Salmon fishing expert Ben Bilello will open our eyes to tube flies at the next Nutmeg TU meeting Tuesday, Feb. 17, from 7 to 9 p.m. at Port 5, 69 Brewster St, Bridgeport.
European anglers have used tube flies for decades. Despite their advantages, tubes are much less frequently used in North America. As time goes on, tube flies are becoming more popular in our fresh and saltwater fisheries. This presentation will outline when, where and how to use tube flies.
- Tube fly advantages
- Comparisons of tube/hook sizes and weights
- Tube fly styles
- Fishing surface and subsurface tubes
- Hook selection
- Tube fly and hook storage
- Tube fly tying tools and materials
- Tying tips and techniques
When he’s not behind a set of drums in a concert hall, jazz club, or recording studio, Ben Bilello can be found either on the water or behind the vise. While he’s an avid trout fisherman and fly tyer, Ben’s true fly fishing and tying passion is the Atlantic salmon. Ben has pursued wild Atlantic salmon in New Brunswick, Quebec, Nova Scotia, and Russia; landlocked salmon in New York and Vermont, and broodstock Atlantic salmon in Connecticut.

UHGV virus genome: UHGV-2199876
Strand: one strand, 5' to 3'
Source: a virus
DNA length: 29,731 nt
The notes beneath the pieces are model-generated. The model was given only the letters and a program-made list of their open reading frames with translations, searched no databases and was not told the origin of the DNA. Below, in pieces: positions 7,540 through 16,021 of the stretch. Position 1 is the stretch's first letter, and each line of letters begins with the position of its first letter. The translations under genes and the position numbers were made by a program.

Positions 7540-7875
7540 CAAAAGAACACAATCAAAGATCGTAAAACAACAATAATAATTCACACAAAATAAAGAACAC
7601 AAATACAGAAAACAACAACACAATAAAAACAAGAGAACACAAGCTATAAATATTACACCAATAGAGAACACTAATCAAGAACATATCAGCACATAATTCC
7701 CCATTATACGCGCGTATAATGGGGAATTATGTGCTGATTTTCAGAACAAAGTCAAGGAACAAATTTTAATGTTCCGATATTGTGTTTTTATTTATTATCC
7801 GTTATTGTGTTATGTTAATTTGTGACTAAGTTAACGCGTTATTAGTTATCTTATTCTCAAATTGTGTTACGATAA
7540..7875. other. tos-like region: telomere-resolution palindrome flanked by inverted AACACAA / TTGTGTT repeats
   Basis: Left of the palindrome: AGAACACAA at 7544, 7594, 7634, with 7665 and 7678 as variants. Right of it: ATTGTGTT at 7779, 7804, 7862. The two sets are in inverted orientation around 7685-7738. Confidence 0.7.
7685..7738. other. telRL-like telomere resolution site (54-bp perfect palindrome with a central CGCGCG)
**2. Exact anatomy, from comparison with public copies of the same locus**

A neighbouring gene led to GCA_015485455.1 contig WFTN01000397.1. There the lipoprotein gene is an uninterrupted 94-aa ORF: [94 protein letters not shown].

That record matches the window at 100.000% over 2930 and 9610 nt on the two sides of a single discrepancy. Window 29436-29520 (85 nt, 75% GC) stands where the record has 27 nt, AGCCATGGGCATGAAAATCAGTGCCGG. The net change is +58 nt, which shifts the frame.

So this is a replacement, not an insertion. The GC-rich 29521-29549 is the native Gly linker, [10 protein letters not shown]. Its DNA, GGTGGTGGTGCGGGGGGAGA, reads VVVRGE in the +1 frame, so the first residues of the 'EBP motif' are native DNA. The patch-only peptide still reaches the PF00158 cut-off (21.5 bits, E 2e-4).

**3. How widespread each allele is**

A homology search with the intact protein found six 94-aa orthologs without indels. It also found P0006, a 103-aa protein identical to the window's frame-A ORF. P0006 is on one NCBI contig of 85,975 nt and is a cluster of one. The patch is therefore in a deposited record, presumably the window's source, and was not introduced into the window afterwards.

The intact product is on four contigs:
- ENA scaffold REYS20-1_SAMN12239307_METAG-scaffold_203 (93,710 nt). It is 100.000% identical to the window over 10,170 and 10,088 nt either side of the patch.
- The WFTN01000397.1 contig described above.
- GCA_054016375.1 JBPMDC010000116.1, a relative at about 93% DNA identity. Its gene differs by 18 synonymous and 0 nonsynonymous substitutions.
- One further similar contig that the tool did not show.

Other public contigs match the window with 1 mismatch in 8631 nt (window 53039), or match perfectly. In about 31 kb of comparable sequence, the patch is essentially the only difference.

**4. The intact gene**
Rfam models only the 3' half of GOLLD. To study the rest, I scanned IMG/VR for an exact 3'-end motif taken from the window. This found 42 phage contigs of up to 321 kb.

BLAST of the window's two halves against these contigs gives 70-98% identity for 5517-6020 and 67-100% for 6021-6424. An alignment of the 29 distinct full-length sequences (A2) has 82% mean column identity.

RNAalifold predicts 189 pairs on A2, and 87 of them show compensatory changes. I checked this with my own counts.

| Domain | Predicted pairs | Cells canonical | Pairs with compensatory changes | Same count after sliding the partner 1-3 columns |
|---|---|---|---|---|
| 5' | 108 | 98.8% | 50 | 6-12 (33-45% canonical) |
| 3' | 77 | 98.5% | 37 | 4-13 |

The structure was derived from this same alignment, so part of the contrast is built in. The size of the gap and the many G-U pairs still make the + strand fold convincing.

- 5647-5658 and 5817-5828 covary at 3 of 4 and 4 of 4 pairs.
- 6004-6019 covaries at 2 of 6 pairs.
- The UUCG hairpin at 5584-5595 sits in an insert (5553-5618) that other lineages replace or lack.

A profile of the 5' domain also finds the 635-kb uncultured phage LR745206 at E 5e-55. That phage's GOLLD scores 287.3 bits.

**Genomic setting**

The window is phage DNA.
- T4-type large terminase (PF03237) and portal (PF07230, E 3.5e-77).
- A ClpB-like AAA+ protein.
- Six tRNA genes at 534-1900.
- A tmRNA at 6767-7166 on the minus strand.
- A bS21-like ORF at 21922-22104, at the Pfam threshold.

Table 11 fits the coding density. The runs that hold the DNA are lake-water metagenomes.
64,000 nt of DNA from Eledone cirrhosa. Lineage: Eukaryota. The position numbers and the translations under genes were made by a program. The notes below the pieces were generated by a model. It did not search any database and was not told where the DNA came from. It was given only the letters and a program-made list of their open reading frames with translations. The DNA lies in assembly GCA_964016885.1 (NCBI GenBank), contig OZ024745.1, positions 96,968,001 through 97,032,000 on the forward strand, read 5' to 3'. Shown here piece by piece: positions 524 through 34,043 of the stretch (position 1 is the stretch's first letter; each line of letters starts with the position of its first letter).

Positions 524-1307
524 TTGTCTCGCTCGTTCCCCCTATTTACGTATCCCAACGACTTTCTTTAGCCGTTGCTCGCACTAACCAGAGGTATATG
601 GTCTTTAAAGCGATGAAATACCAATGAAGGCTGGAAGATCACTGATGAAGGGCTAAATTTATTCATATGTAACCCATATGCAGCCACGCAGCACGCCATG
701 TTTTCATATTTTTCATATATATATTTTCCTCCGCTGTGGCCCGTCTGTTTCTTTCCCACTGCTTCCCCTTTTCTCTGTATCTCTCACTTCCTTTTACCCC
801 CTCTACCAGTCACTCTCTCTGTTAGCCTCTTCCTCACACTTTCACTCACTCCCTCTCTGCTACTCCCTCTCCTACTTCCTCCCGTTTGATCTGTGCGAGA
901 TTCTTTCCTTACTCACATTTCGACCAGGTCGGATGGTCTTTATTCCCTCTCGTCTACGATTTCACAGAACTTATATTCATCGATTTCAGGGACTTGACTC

A collection of Ben’s classic and artistic salmon flies are featured in Michael Radencich’s book “Classic Salmon Fly Patterns: Over 1700 Patterns From the Golden Age of Tying,” the largest illustrated compendium of Atlantic salmon flies published to date.
Ben’s work can be seen at his website www.benbilello.com/salmonflies and on his salmon fly blog www.theleaper.blogspot.com.Ben Bilello, fly tying, Nutmeg TU, Port 5, salmon, salmon flies, tube flies